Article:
One of Edmonton’s largest and most popular summer festivals has been cancelled because of the COVID-19 pandemic.
The Edmonton International Fringe Festival announced Monday morning that it has been forced to cancel the 2020 festival, which was scheduled to run Aug. 13 to 23.
“It is with a heavy heart that Edmonton Fringe Theatre announces it will not be hosting the 39th Edmonton International Fringe Theatre Festival in August 2020,” read a media release.
“Due to the pandemic and health and safety concerns, the fringe’s show cannot go on.”
The festival said self-isolation and restrictions make it impossible for theatre groups to rehearse and prepare new material ahead of the summer festival, and the unknowns of the pandemic make the risk too great.
“It’s hard to imagine an Edmonton summer without fringe,” executive director Adam Mitchell said. “While the decision to cancel is difficult and emotional, we also know it’s necessary. The health and safety of all fringers is our top priority.”
Fringe artistic director Murray Utas said this is first time the festival has cancelled in its 39-year history.
“There was no path that we saw to making a festival happen,” he said Monday.
“We tried. We tried every possible scenario that we could think of and at the end of the day, no. It couldn’t happen. We are a massive, massive gathering. And what can’t happen right now? Massive gatherings.”
Utas said there were simply too many unknowns in terms of travel advisories and what restrictions might still be in place a few months down the road.
“It wouldn’t be fair to the artists that are travelling from around the world to say, ‘Umm, just put everything on hold until we get ahold of you at the last minute.’ So the internationals wouldn’t have been coming,” he said.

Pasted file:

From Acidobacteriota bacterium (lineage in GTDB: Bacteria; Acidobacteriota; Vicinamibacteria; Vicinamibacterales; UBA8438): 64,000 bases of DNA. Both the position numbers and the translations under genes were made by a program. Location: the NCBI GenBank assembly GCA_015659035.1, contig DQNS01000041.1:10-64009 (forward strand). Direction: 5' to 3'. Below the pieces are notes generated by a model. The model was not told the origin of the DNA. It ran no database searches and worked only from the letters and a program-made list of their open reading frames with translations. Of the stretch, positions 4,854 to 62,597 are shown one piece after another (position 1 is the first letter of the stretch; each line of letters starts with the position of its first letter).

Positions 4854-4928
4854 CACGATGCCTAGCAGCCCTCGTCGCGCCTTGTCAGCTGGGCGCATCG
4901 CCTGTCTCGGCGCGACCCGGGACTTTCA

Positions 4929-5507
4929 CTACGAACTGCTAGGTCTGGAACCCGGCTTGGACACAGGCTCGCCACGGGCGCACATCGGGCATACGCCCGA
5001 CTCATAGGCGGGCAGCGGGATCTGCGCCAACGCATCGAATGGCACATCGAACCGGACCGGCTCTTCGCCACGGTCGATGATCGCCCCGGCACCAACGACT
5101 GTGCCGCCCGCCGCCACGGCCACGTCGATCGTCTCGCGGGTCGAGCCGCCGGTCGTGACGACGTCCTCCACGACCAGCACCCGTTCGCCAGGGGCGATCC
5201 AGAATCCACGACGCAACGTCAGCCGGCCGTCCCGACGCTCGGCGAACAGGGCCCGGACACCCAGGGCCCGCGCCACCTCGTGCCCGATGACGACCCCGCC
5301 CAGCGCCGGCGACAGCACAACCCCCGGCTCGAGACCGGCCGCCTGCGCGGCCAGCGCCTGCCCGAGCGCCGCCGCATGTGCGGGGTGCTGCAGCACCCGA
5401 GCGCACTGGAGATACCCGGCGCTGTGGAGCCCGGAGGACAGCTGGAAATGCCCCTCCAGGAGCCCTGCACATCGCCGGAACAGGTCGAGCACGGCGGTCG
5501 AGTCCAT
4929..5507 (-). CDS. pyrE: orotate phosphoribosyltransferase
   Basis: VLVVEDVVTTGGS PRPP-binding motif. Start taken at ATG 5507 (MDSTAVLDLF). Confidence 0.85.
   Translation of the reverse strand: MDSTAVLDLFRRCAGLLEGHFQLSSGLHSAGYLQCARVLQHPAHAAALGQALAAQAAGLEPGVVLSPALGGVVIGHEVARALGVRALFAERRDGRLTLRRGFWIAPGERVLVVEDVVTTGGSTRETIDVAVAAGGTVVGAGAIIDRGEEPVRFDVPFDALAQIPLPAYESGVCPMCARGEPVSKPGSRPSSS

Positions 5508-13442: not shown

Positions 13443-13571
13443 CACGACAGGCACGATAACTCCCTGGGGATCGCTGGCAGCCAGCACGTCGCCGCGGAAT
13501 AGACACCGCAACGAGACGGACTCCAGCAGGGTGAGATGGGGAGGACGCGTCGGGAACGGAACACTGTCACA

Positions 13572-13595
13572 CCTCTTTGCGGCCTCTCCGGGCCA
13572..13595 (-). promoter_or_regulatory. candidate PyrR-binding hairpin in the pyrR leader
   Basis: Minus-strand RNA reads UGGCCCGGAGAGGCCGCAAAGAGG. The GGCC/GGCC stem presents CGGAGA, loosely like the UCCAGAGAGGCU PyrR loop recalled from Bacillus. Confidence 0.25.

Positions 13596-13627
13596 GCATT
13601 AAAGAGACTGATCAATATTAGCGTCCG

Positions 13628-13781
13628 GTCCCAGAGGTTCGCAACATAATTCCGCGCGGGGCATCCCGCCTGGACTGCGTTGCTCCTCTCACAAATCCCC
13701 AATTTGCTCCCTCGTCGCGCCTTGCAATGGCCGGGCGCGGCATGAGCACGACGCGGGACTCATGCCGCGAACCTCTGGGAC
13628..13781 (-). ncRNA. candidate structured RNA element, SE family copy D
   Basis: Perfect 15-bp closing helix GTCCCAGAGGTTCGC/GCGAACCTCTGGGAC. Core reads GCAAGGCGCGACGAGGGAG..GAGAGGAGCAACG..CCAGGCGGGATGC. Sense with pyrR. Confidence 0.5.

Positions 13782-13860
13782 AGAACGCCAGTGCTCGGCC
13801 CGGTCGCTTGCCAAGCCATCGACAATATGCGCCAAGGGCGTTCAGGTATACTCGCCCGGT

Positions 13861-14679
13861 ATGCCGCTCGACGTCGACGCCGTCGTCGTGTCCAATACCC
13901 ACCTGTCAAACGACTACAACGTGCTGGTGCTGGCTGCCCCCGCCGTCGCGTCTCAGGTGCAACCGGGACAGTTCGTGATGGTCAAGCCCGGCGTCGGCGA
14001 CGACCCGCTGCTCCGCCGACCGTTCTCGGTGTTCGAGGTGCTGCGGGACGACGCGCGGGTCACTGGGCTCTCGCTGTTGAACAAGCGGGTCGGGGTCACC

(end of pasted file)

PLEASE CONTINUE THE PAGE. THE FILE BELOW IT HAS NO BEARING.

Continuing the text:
“Even if things were to ease up by August, are people ready to come back together? Are they ready to gather in that way?
“This decision is so heartbreaking.”
Utas said they are working with their staff and artists to stay afloat and they’re committed to coming back with a festival in 2021. Performers who need the $700 lottery fee back will be refunded, he said.
“We are in this together and we are going to get through this together. When we do come back, we’re going to be better than ever, we’re going to be kinder and we’re going to look out for each other,” Utas said.
“I really feel that the humanity that is coming from this is really warming us.”
The festival said it will now shift its priorities toward reopening the ATB Financial Arts Barns as soon as it is safe to do so.
“We will fringe again,” Mitchell said.
“We look forward to celebrating the 40th Edmonton International Fringe Theatre Festival Aug. 12-22, 2021 in the heart of Old Strathcona.”
The fringe cancellation comes after at least three other summer festivals announced last week the cancellation of their 2020 events.
NextFest, the Freewill Shakespeare Festival and the Edmonton International Jazz Festival will not be held this year.
While speaking to the media last Thursday, city manager Adam Laughlin said at this point, the city is going to leave the decisions to cancel up to the individual events.
“I think we’d really like the festivals to take the appropriate actions that they feel they should related to the pandemic and the forecast that the province has provided,” Laughlin said.
“If we start to see that there’s not an appetite for some of these festivals to do that then we could take an escalated approach, which is a more broad mandate of cancellation.”
Mayor Don Iveson said they want to leave the door open for some events to reschedule later in the summer if the pandemic allows for the province to change the guidelines on the number of people allowed to gather in one place.
“A time will come where we’ll have enough information to say, by a certain day, festivals should expect to be cancelled, but I think the other conversation that’s happening is, if that’s going to come into effect, what mitigation can be put in place in terms of potentially postponing rather than just cancelling outright?”
Last summer, 147,358 tickets were sold at the Edmonton International Fringe Festival.